Residue-level determinants of angiopoietin-2 interactions with its receptor Tie2

Anna Bakhman, Eitan Rabinovich, Tomer Shlamkovich, Niv Papo, Mickey Kosloff

Research output: Contribution to journalArticlepeer-review


We combined computational and experimental methods to interrogate the binding determinants of angiopoietin-2 (Ang2) to its receptor tyrosine kinase (RTK) Tie2—a central signaling system in angiogenesis, inflammation, and tumorigenesis. We used physics-based electrostatic and surface-area calculations to identify the subset of interfacial Ang2 and Tie2 residues that can affect binding directly. Using random and site-directed mutagenesis and yeast surface display (YSD), we validated these predictions and identified additional Ang2 positions that affected receptor binding. We then used burial-based calculations to classify the larger set of Ang2 residues that are buried in the Ang2 core, whose mutations can perturb the Ang2 structure and thereby affect interactions with Tie2 indirectly. Our analysis showed that the Ang2-Tie2 interface is dominated by nonpolar contributions, with only three Ang2 and two Tie2 residues that contribute electrostatically to intermolecular interactions. Individual interfacial residues contributed only moderately to binding, suggesting that engineering of this interface will require multiple mutations to reach major effects. Conversely, substitutions in substantially buried Ang2 residues were more prevalent in our experimental screen, reduced binding substantially, and are therefore more likely to have a deleterious effect that might contribute to oncogenesis. Computational analysis of additional RTK-ligand complexes, c-Kit-SCF and M-CSF-c-FMS, and comparison to previous YSD results, further show the utility of our combined methodology.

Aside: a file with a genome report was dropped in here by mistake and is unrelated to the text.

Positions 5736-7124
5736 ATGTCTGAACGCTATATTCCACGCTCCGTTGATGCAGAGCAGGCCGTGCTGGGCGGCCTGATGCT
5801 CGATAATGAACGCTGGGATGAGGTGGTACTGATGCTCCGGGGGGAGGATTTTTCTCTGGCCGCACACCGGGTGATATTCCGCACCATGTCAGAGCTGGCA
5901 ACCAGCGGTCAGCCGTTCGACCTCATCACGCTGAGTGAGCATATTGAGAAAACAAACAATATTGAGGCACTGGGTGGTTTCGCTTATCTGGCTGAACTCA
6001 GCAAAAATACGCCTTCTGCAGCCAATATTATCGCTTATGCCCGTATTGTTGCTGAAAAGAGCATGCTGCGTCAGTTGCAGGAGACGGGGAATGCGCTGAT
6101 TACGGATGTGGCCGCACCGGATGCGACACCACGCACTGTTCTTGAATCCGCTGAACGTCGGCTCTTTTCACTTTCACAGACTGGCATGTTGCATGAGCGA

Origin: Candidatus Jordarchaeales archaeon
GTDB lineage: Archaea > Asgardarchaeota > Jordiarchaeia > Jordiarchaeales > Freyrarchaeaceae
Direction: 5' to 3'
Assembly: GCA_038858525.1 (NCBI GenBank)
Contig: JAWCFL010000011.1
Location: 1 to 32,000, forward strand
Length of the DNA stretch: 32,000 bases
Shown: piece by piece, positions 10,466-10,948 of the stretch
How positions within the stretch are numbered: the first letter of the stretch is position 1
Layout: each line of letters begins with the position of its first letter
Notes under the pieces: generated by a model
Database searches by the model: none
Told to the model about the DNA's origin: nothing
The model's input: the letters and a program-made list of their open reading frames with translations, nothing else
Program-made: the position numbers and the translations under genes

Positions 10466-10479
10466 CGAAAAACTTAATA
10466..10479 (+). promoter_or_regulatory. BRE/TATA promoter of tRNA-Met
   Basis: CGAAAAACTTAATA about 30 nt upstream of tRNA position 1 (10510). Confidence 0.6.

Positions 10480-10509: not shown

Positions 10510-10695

Original languageEnglish
Pages (from-to)185-197
Number of pages13
JournalProteins: Structure, Function and Bioinformatics
Issue number3
StatePublished - 1 Mar 2019

Bibliographical note

Publisher Copyright:
© 2018 Wiley Periodicals, Inc.


  • high-throughput mutagenesis
  • protein-protein interactions
  • structural bioinformatics
  • tyrosine kinases

ASJC Scopus subject areas

  • Molecular Biology
  • Structural Biology
  • Biochemistry


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